As U.S. President Donald Trump skirts the issue of reprisals against ally Saudi Arabia for its alleged killing of Jamal Khashoggi, conservatives are quietly aiding the president with a smear campaign against the missing dissident journalist.
A report by the Washington Post – for which Khashoggi was a contributor – said Thursday that Trump-allied House Republicans are digging up right-wing dirt on the journalist in an effort to somehow lessen the significance of his death for U.S. foreign policy.
A handful of lawmakers have brought to attention Khashoggi's connections with the Muslim Brotherhood in his youth and have cast doubt on his journalistic work covering Osama bin Laden in Afghanistan, four unnamed GOP officials informed on the issue told the Washington Post.
The claims have been voiced quietly, to avoid public backlash, and have been picked up and amplified by conservative media outlets, which have sought to protect the U.S.' economically-advantageous relationship with the kingdom.
"Khashoggi was tied to the Muslim Brotherhood," Fox News anchor Harris Faulkner said Thursday on the show "Outnumbered."
"I just put it out there because it is in the constellation of things that are being talked about," he said, later dismissing another guest on the show who called the assertion "iffy."
From the campaign trail, Corey A. Stewart, a Republican senatorial candidate from Virginia, told a radio host Thursday that "Khashoggi was not a good guy himself."
Donald Trump Jr., the president's oldest son, dropped a line on Twitter last week saying that Khashoggi had been "tooling around Afghanistan with Osama bin Laden" in the 1980s, amid a post addressing bin Laden's activities.
While it's true Khashoggi was drawn toward more radical streams of thought in his youth, he later moved toward a liberal, secular point of view, those who have tracked his career say. He interacted with bin Laden during the civil war in Afghanistan during the 1980s and 1990s, but strictly as a journalist.
Far-right media outlets have not missed the opportunity to decry his killing and the subsequent tension with ally Saudi Arabia as an attack on the president.
Conservative online broadcast CR-TV said Tuesday that Khashoggi was a "longtime friend" of terrorists, outright claiming that Trump was being targetted by an "insane" media conspiracy to smear him.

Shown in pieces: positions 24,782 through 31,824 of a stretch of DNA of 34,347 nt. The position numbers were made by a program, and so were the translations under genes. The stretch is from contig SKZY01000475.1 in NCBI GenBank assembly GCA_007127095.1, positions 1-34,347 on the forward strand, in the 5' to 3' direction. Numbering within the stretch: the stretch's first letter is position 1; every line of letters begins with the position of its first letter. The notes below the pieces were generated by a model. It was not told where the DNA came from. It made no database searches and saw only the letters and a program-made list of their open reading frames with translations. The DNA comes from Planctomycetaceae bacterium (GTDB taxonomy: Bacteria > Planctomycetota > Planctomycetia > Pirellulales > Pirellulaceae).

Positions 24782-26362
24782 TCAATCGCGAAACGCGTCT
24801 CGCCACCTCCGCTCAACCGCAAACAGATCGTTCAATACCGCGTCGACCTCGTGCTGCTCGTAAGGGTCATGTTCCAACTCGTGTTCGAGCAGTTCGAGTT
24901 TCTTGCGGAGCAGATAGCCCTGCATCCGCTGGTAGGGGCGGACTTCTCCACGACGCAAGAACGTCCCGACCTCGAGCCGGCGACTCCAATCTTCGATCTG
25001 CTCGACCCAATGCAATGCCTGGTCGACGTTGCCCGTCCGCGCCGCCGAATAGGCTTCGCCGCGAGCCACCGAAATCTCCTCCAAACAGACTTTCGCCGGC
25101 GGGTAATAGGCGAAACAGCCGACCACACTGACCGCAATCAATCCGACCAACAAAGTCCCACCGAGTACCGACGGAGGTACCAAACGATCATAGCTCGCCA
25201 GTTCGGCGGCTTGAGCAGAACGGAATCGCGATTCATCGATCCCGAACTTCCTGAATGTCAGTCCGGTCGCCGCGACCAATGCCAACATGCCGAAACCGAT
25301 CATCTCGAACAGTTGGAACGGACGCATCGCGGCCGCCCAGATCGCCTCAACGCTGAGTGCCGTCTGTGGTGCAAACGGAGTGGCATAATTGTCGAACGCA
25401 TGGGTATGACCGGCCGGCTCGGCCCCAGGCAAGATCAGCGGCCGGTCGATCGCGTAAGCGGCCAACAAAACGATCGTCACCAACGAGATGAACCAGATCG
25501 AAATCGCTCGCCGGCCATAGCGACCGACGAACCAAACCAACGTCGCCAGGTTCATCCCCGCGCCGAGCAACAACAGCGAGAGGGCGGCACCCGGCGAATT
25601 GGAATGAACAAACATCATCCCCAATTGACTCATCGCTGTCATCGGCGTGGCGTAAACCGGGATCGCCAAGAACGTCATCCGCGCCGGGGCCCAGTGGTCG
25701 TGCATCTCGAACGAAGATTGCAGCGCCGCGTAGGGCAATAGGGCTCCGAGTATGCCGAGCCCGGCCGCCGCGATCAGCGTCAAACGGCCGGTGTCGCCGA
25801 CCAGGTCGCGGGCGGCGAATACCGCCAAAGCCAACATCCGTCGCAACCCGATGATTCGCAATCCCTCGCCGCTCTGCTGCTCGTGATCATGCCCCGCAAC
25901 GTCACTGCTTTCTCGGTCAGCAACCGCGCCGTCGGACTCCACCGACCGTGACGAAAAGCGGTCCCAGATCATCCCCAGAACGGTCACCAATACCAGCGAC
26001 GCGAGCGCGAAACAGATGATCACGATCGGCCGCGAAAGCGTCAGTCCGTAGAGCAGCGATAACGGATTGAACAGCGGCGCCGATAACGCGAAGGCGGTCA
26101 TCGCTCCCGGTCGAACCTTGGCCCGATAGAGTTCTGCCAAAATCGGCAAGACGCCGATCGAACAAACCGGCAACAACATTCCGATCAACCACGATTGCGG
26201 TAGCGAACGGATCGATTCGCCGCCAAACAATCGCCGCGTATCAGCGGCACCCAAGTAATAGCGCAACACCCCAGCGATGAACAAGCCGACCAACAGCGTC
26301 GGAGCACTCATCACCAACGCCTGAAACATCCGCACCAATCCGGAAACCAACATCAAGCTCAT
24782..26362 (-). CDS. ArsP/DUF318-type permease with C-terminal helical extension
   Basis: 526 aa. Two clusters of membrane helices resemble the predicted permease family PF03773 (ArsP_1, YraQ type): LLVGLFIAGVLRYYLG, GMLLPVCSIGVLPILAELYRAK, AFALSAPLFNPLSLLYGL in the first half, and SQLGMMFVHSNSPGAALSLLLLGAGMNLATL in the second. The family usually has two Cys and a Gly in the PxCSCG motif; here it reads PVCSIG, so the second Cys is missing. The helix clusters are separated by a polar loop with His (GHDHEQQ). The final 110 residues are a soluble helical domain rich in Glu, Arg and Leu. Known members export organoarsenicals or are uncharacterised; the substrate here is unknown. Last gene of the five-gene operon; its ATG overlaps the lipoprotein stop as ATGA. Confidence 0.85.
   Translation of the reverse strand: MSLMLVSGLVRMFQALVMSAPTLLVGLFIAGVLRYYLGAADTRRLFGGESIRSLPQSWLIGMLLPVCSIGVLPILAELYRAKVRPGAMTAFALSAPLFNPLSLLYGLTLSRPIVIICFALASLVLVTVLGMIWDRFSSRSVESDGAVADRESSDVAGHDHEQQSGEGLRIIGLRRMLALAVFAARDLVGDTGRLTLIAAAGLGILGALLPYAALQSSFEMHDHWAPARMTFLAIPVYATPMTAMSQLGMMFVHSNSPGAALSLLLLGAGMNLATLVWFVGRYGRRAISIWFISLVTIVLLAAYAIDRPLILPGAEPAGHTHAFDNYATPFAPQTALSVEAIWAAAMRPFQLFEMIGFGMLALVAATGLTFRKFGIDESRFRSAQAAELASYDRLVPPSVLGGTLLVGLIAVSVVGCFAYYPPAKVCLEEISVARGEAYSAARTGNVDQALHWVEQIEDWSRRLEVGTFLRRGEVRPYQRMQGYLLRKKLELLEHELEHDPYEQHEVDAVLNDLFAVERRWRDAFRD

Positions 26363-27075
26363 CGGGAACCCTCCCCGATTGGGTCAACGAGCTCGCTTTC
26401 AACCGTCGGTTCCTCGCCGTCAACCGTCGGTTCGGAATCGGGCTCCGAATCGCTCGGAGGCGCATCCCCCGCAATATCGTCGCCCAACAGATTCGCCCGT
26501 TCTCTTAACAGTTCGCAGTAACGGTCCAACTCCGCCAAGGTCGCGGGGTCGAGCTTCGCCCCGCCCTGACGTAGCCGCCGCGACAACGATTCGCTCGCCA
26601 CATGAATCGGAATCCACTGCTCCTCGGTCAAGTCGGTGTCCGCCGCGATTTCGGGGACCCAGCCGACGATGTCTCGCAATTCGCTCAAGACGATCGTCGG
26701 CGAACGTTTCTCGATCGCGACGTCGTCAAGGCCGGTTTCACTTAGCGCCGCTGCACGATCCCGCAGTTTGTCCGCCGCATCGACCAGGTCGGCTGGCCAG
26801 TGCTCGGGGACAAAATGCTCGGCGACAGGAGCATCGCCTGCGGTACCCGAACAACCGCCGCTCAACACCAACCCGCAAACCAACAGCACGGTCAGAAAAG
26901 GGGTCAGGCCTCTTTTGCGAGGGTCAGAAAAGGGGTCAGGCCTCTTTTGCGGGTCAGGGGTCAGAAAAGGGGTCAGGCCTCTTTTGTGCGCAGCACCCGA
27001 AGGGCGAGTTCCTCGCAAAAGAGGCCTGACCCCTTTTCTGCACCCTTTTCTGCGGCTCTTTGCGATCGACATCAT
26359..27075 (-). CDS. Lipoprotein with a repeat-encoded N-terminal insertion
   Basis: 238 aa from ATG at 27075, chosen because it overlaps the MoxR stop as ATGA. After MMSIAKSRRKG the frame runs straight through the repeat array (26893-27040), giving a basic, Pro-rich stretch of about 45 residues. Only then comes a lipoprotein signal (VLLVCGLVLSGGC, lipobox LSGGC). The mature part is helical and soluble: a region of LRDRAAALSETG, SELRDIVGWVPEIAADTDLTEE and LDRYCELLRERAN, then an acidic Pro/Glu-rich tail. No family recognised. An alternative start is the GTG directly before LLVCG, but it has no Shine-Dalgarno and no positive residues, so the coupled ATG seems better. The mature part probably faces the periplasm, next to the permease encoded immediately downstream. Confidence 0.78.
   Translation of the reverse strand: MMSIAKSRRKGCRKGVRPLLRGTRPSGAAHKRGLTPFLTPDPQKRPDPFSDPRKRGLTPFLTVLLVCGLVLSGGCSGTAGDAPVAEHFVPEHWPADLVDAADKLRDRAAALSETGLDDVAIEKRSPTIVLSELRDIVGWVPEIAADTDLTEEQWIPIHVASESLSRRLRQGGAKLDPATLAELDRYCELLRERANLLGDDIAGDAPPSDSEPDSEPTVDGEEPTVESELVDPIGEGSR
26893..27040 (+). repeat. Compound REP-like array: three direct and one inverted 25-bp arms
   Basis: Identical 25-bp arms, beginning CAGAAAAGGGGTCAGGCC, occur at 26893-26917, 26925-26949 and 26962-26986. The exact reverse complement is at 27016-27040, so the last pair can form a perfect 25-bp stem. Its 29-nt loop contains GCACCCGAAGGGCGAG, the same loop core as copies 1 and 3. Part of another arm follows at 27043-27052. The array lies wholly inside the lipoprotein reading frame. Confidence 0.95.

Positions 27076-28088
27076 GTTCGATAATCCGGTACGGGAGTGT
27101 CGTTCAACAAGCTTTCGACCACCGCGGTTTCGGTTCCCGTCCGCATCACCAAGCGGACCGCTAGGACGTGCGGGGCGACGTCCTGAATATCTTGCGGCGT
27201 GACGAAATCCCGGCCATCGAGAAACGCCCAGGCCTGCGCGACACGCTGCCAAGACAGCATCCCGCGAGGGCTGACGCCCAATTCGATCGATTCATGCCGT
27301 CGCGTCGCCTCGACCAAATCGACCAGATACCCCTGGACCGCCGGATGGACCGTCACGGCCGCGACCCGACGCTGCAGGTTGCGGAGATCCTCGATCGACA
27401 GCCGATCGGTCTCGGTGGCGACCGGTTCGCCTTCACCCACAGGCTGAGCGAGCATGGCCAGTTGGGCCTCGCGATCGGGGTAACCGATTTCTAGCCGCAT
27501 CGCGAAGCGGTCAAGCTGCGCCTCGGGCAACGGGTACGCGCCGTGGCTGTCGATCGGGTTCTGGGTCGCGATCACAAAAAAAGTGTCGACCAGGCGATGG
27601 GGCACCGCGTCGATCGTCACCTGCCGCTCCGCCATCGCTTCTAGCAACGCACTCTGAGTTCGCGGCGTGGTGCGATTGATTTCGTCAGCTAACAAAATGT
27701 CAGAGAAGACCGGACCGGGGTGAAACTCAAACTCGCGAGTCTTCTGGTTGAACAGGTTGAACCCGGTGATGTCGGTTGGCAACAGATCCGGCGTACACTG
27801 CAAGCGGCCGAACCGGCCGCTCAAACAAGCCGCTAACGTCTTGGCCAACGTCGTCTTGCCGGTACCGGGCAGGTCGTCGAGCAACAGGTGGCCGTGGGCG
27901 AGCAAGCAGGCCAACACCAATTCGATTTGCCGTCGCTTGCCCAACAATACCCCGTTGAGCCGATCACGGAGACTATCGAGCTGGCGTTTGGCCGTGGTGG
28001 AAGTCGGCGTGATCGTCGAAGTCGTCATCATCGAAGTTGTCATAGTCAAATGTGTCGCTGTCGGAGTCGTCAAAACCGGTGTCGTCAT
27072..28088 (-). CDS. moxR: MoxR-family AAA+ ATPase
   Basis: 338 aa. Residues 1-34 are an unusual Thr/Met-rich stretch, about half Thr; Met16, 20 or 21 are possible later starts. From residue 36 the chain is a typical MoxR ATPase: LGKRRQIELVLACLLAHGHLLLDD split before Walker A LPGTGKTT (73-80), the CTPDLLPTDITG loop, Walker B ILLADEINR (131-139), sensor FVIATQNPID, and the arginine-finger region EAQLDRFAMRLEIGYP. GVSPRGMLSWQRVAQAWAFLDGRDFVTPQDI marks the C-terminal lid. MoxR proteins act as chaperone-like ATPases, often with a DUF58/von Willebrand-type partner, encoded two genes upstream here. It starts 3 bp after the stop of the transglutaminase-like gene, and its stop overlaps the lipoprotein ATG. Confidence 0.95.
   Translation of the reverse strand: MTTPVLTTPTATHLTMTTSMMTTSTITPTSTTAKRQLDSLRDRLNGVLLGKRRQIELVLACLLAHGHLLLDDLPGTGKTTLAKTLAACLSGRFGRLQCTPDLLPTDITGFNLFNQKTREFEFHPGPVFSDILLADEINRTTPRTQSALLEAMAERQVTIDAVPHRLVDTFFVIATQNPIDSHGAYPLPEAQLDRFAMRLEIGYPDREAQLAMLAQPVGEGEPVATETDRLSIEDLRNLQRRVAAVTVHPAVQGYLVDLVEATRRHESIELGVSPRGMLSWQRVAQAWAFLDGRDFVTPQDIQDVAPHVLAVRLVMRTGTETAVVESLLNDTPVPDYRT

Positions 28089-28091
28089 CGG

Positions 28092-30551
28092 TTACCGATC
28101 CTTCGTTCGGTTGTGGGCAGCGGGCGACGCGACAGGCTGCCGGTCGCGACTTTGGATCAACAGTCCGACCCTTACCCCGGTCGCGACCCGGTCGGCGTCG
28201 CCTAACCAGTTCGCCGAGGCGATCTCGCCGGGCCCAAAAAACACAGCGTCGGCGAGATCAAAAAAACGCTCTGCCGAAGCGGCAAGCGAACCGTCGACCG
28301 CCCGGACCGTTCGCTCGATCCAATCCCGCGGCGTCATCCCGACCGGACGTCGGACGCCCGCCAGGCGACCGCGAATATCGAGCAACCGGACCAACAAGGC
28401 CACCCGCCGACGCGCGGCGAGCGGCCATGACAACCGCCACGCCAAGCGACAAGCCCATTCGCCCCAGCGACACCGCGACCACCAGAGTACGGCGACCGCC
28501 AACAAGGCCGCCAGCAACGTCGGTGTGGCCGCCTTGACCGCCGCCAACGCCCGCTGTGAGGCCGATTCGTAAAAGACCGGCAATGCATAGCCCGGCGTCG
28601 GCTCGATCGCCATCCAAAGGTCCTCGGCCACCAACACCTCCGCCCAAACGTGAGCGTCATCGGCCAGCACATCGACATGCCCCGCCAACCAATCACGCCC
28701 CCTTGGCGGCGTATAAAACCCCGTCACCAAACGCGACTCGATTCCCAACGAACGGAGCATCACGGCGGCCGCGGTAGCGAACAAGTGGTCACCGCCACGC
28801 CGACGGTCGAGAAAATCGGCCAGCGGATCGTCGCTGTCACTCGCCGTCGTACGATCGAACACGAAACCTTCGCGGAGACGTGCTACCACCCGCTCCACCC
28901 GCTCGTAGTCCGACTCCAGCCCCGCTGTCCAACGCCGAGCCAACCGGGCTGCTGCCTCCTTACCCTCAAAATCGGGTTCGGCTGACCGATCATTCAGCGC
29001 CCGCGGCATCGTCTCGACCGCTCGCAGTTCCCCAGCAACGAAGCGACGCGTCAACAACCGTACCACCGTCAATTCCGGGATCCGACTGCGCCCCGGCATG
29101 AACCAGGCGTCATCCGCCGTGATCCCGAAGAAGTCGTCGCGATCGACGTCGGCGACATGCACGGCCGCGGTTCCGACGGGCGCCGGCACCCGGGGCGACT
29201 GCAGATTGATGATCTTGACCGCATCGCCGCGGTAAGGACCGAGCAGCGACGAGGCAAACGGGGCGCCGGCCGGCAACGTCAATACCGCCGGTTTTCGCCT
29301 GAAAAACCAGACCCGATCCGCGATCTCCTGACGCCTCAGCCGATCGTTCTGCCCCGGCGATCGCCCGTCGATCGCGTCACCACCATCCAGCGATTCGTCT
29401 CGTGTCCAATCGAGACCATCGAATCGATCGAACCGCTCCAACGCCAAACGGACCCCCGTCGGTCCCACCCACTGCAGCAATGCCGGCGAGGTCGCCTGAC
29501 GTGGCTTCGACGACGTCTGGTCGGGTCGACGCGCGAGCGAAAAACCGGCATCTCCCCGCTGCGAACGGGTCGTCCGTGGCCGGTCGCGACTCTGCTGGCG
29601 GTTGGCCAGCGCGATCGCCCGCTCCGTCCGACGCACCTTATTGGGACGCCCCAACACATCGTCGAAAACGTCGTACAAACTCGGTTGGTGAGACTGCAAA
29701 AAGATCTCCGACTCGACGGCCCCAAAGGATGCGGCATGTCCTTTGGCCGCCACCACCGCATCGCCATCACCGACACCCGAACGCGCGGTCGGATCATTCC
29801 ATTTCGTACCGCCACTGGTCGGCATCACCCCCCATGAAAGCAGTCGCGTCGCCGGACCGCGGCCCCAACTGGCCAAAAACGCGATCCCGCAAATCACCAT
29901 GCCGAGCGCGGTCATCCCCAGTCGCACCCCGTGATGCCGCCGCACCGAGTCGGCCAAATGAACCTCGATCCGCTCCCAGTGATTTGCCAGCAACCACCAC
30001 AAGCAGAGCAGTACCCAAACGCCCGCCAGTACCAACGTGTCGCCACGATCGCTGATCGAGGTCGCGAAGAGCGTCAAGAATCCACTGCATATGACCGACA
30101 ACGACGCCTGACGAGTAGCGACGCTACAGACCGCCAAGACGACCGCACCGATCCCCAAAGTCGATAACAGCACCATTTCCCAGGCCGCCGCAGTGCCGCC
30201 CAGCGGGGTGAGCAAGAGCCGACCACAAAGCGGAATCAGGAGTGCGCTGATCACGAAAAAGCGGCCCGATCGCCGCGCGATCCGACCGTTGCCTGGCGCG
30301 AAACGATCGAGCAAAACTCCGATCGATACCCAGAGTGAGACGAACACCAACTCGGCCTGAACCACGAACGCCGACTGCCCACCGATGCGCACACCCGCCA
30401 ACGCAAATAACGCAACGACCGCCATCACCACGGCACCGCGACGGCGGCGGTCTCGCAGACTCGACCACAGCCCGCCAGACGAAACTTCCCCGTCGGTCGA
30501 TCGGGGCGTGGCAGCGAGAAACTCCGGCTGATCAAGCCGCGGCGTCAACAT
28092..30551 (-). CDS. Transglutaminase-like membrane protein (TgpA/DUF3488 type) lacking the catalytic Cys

Far-right FrontPage magazine depicted Khashoggi as a "cynical and manipulative apologist for Islamic terrorism, not the mythical martyred dissident whose disappearance the media has spent the worst part of a week raving about," embellishing the claim with a cartoon of Khashoggi and bin Laden with their arms around eachothers' shoulders.
Whether caught up in conspiracy or not, conservatives say the real issues at stake in the Khashoggi case are economic and security relations – and one more human rights violation by Saudi Arabia shouldn't get in the way of advantageous relations.
"For those who are screaming blood for the Saudis — look, these people are key allies," evangelical media mogul Pat Robertson said this week.
"We've got an arms deal that everybody wanted a piece of. . . . It'll be a lot of jobs, a lot of money come to our coffers. It's not something you want to blow up willy-nilly."
"Donald Trump is keeping his eye on the ball, keeping his eye on the geopolitical ball, the national security ball," conservative talk-radio host Rush Limbaugh said Tuesday.
"He's not going to get sidetracked by what happened to a journalist, maybe, in the consulate there. He's not giving cover to anybody."
Not all Republicans are keen on letting Saudi Arabia off the hook, however, including Sen. Bob Corker, chairman of the Senate Foreign Relations Committee, and Sen. Lindsey Graham, who has slammed the Saudi crown prince for his alleged involvement in the incident.
Corker, along with like-minded Democrats, has invoked the Global Magnitsky Act to compel Trump to report to Congress on the issue of sanctions over the alleged killing of Khashoggi, which could extend to the Saudi Crown Prince Mohammed bin Salman.
Trump said Thursday "it certainly looks" like Khashoggi was killed, threatening "very severe" punishment against Saudi Arabia if they are found to be responsible.
However, Secretary of State Mike Pompeo said earlier Thursday that the United States would give ally Saudi Arabia "a few more days" to probe Khashoggi's alleged murder, again delaying a U.S. response to the mounting scandal.
Pompeo used much of his brief remarks on Thursday to recall Washington's "long strategic relationship with the kingdom of Saudi Arabia."
The Saudis "continue to be an important counter-terrorism partner, they have custody of the two holy sites ... We need to be mindful of that as well," he said.
The outcry over freedom of expression for members of the press has put Trump in an awkward spot, as he himself has hardly been an advocate for dissident voices.
At a rally in Montana on Thursday, Trump praised a Republican congressman for body-slamming a reporter last year, calling him a "tough cookie."
"Any guy that can do a body slam — he's my kind of guy," Trump said to cheers and laughter from the crowd.
Please click to read our informative text prepared pursuant to the Law on the Protection of Personal Data No. 6698 and to get information about the cookies used on our website in accordance with the relevant legislation.
6698 sayılı Kişisel Verilerin Korunması Kanunu uyarınca hazırlanmış aydınlatma metnimizi okumak ve sitemizde ilgili mevzuata uygun olarak kullanılan çerezlerle ilgili bilgi almak için lütfen tıklayınız.